i need help, my 4yr old knows to use the big potty to pee, but when it comes to poopy, he does it in his underwear everyday after after dinner, and i dont know he does it after it happens. and i cant pin point the time because it isnt always the same time. he holds it in while at daycare and only does it at home. on weekends he can go 2 times, in the AM and PM. but he knows to potty for poopy but wont do it. i dont know what to do

    • avatar Ter says:

      My daughter was fine with urinating in the toilet, we never used a potty chair, she had a stool for her feet. But, when it came to poopoo she held it. She was so constipated! After crying for a diaper for the next few months so that she could poo and holding her while she cried as she passed this hard lump into her diaper she discovered – on her own – that the poo was going to be okay in the water. She’d tell me, “They’re going to be with their friends”, as she flushed them down the toilet.

    • avatar Sue Clark says:

      My son was almost 4 and would not poop – it finally came out that a friend had told him that if he sat on the toilet, the Ninja Turtles would suck him down into the sewer….You never know what is in their little minds.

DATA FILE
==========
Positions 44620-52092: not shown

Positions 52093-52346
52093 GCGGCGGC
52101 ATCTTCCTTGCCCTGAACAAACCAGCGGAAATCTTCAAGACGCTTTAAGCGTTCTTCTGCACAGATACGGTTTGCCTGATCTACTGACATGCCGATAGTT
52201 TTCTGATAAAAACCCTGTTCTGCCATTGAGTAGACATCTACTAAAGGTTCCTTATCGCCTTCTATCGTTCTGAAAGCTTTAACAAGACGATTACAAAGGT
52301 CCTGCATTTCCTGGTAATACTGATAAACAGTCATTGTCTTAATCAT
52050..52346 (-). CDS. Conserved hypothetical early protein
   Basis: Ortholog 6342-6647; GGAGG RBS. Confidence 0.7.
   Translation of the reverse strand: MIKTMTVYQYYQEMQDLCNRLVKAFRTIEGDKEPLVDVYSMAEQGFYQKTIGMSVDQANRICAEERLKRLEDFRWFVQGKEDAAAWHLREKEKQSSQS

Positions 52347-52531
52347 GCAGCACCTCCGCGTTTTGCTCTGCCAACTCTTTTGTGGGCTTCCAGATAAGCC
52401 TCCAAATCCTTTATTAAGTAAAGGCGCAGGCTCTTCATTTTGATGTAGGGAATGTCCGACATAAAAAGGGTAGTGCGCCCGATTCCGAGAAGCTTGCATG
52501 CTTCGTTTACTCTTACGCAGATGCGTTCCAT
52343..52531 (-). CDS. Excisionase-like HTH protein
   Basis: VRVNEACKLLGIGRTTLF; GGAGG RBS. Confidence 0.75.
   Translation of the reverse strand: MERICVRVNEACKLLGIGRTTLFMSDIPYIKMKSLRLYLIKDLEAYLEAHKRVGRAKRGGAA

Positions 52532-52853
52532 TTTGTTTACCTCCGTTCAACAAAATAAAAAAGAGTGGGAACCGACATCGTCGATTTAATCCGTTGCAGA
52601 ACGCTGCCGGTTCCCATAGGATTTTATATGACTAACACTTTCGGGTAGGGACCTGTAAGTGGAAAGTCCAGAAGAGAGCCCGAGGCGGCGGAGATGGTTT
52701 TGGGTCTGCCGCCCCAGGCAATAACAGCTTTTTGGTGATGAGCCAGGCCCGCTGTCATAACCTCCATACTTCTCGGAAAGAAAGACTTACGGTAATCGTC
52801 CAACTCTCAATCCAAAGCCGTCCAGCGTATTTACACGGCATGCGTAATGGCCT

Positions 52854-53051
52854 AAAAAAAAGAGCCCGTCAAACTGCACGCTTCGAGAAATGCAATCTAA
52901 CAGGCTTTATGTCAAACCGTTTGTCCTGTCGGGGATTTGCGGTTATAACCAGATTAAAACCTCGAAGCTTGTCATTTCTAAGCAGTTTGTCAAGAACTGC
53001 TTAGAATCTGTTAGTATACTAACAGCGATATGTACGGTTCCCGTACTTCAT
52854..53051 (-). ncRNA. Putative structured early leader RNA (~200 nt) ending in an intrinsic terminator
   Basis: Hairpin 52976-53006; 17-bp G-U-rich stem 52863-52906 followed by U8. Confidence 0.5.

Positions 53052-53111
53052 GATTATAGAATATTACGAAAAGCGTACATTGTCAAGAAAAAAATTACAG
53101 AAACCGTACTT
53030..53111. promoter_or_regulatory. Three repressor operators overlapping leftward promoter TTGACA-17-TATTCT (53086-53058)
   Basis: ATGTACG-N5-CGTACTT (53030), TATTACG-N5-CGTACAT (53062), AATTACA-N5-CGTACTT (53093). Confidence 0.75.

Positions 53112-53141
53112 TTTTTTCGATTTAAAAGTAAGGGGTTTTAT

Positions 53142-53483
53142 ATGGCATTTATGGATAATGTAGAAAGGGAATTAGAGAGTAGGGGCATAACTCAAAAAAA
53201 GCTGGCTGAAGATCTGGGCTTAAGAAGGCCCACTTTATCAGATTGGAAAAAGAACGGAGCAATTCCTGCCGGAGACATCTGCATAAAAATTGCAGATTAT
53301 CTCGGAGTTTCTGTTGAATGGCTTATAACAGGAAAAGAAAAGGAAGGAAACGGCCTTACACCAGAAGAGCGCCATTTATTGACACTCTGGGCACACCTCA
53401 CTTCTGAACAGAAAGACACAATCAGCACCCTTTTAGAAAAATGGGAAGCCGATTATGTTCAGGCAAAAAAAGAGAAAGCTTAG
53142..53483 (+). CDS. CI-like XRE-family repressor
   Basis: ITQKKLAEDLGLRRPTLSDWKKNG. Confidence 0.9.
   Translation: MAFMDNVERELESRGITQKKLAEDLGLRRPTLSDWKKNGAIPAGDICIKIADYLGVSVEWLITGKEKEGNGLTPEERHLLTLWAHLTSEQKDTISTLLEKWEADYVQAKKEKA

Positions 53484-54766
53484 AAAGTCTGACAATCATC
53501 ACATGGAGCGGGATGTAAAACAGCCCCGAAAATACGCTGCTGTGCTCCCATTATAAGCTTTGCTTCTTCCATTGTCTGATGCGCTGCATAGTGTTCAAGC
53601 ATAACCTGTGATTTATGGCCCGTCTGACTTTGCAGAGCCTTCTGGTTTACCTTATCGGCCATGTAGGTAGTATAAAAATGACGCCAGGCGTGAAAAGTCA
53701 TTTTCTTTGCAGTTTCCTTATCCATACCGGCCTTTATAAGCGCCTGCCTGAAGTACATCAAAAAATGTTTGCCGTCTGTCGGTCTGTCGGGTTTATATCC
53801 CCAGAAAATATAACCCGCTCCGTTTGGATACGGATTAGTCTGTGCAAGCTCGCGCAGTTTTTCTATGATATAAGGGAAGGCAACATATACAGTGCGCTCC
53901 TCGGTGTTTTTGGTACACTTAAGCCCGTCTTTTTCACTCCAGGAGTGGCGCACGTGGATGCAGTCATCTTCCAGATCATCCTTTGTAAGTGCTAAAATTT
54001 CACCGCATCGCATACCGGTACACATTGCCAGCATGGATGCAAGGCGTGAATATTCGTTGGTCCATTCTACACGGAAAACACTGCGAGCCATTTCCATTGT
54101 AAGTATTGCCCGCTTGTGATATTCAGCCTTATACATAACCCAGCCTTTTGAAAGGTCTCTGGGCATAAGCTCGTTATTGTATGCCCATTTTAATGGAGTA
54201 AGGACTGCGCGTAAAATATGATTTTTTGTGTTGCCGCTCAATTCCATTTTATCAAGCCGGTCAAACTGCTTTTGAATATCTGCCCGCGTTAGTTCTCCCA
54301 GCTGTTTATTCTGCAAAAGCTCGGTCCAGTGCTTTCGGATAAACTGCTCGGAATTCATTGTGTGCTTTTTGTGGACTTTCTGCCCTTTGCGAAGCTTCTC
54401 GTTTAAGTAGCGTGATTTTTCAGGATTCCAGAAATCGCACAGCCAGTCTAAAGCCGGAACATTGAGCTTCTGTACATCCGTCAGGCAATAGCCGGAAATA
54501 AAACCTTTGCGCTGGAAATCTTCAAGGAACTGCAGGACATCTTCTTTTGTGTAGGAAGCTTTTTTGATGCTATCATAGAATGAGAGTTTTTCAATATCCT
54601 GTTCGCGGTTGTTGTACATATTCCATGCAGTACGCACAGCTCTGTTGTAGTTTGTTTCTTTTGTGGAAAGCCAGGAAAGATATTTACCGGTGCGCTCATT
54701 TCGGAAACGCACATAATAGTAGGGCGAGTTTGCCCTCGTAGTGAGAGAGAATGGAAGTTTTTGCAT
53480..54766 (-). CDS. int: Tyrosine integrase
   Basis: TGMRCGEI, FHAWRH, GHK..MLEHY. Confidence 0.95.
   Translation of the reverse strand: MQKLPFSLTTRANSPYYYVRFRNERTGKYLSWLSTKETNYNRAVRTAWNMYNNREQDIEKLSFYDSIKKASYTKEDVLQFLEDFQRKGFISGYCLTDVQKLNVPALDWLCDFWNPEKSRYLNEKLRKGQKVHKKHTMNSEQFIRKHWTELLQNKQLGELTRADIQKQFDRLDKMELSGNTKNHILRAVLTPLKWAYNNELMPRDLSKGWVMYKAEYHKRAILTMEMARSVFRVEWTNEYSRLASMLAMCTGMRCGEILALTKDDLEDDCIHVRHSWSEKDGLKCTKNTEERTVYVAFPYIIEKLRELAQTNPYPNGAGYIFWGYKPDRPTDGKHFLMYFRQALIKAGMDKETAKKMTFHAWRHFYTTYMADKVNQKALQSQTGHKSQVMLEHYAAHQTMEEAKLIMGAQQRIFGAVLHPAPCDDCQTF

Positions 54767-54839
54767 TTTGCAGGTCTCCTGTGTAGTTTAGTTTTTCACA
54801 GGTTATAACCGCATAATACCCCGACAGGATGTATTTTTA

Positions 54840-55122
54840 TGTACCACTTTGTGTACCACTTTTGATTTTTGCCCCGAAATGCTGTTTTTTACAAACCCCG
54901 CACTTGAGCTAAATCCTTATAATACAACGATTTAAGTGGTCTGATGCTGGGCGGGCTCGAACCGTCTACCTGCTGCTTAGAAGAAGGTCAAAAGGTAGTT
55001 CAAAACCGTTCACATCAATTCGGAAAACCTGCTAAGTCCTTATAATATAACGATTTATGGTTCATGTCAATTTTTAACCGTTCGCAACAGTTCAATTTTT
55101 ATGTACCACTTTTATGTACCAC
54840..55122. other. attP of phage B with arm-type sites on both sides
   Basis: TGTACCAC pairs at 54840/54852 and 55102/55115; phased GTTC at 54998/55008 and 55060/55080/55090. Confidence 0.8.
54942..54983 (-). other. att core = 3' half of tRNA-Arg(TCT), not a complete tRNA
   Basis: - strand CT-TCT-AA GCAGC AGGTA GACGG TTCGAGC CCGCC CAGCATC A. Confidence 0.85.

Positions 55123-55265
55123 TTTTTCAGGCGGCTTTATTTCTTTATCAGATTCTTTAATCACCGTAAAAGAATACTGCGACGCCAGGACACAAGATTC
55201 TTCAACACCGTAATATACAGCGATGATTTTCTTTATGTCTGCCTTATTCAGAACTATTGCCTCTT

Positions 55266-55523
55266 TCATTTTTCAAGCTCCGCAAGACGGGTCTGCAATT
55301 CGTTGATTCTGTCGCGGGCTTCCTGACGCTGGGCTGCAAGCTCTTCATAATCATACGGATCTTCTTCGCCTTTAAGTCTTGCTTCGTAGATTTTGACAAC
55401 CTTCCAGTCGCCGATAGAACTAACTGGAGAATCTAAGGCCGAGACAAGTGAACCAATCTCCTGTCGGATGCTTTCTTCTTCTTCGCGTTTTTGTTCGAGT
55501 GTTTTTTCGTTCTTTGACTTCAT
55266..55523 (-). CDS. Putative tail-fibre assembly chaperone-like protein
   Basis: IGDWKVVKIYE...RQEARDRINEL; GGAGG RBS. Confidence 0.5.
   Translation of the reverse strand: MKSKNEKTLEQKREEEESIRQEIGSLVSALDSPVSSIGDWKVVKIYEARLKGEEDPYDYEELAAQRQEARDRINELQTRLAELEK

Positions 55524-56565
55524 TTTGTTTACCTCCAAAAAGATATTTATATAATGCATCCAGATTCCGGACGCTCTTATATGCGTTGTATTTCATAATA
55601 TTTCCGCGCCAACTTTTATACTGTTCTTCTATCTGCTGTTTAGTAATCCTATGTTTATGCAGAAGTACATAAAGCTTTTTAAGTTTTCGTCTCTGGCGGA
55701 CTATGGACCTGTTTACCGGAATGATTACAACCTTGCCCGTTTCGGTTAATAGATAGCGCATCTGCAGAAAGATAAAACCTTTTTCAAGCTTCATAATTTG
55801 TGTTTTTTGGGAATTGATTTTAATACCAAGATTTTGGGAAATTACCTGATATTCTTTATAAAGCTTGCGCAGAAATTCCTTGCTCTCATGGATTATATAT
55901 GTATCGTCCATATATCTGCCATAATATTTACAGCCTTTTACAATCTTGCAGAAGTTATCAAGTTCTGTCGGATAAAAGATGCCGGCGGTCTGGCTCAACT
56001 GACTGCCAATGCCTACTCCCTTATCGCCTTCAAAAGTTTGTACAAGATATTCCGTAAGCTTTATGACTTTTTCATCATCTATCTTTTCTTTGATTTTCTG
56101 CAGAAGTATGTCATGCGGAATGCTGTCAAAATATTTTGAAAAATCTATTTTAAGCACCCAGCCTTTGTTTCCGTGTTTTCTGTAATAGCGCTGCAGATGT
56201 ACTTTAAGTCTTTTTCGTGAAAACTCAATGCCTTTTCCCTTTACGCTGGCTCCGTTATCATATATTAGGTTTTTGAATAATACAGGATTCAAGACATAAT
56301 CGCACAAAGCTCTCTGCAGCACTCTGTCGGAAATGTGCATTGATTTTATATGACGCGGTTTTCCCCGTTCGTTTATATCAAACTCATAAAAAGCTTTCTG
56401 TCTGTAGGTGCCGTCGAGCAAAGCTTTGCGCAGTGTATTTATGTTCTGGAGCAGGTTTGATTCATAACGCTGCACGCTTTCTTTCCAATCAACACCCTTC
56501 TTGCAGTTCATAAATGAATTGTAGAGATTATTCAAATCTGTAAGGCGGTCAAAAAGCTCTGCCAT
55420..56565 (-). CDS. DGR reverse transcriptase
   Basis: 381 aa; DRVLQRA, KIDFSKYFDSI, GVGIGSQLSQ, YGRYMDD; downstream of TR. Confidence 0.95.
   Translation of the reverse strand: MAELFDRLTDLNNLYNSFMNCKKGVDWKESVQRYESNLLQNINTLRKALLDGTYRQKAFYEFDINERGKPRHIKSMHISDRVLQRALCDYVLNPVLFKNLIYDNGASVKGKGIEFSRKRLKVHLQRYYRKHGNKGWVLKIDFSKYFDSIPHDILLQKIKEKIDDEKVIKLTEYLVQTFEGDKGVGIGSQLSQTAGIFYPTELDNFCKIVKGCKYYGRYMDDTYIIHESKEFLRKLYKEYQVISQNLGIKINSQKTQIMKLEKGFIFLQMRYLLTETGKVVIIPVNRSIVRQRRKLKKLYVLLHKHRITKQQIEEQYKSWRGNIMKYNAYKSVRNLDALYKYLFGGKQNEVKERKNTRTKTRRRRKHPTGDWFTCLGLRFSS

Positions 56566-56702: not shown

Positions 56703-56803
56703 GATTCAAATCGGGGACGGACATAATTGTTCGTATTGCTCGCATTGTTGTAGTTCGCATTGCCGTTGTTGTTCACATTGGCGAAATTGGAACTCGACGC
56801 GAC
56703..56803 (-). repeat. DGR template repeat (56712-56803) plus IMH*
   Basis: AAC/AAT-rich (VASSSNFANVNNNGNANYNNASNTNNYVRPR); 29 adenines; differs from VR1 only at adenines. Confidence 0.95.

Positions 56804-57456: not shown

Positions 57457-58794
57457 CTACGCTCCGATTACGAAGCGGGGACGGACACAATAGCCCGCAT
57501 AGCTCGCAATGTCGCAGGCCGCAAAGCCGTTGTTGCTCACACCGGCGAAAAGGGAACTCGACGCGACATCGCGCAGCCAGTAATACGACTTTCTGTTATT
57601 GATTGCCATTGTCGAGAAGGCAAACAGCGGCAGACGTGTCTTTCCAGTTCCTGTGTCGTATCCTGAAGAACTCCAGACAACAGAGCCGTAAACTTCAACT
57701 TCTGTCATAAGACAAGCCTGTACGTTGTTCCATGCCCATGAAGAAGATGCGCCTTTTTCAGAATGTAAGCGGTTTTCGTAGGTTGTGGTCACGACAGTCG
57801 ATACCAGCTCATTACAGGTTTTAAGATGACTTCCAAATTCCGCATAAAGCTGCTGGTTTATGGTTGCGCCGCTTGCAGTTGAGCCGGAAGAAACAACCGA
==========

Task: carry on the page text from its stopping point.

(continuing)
6. avatar laiza says:

    Hello, when my son was 18 months old he was very interested in using the potty. Every time I took his diaper off he would pee on his potty. I started working and later on found out I was pregnant, I was feeling very nauseous and tired from work so I kind stopped incentivizing him to use the potty and my husband never really helped in potty training my son. My son is 2.5 now and I am trying to motivate him to use the potty but he has no in interest in it. I think I missed his sensitive period for using the potty. Do you any advice to help my son regain interest in using the potty?

  7. avatar Eden says: